The lawyers are being cruel by clawing back the money. Had the doctors not been negligent and frankly unfit to look after any patient, this women's life wouldn't have changed to such a huge extent. It's not just the costs of looking after her son, it's the impact on her life, her earning potential, her housing... I doubt her son would have died without this almighty medical fuck-up.

I hope the doctors involved were struck off, or at least disciplined and had restrictions put on their practice. And in a sensible, practical, fair world, the NHS Litigation Authority would be firmly told to fuck off as well.

SameDifference Sat 18-May-13 12:34:25

Eaten ByZombies- I was looking for discussion and views from this thread, not agreement.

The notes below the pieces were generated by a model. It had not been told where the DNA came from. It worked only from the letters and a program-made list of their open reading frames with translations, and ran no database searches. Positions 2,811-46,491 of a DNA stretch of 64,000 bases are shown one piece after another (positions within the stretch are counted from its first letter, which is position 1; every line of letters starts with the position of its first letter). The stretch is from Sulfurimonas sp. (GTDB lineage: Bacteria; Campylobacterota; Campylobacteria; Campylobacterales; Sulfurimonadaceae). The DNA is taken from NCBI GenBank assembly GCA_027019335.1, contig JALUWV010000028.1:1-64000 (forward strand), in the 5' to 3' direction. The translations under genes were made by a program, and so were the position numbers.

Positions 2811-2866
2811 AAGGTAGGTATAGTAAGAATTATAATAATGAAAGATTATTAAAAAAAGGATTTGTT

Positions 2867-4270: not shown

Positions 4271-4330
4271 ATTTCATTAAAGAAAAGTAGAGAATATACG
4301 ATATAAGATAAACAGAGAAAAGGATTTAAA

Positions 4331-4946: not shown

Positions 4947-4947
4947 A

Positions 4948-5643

I'm not surprised by your view, I was expecting many others to share it.

To the person who said adaptations devalue a house, I say 'what on Earth?' Personally I would've thought adaptations add value to properties.

To the person who said estate agent advised adaptations to be removed as 'would not give the right impression' I say 'how rude of that estate agent' almost disablist.

SchroSawMargeryDaw Sat 18-May-13 10:52:56

It's max pregabalin I am on, it's not for epilepsy but for neuropathic pain relating to my Ehlers-Danlos.

I was booked in with a Consultant but he said he didn't think there was any need for a repeat appointment unless there was a specific reason. He did acknowledge that I am on Pregabalin but didn't say anything about it.

Just wondering a bit now as both DS and I have those weird dimples at our bum crack [TMI!] and I don't know if that means genetically a child of mines would be more at risk of Spina Bifida?

No idea about this area of medicine tbh. Thank you for the advice.

CouthyMow Sat 18-May-13 10:49:07

The GP may not have known - but should have. It WAS common knowledge in the medical profession from around 2000. It just wasn't (and obviously still isn't) communicated to PATIENTS until 2009.

CouthyMow Sat 18-May-13 10:47:33

<<Thread derail>>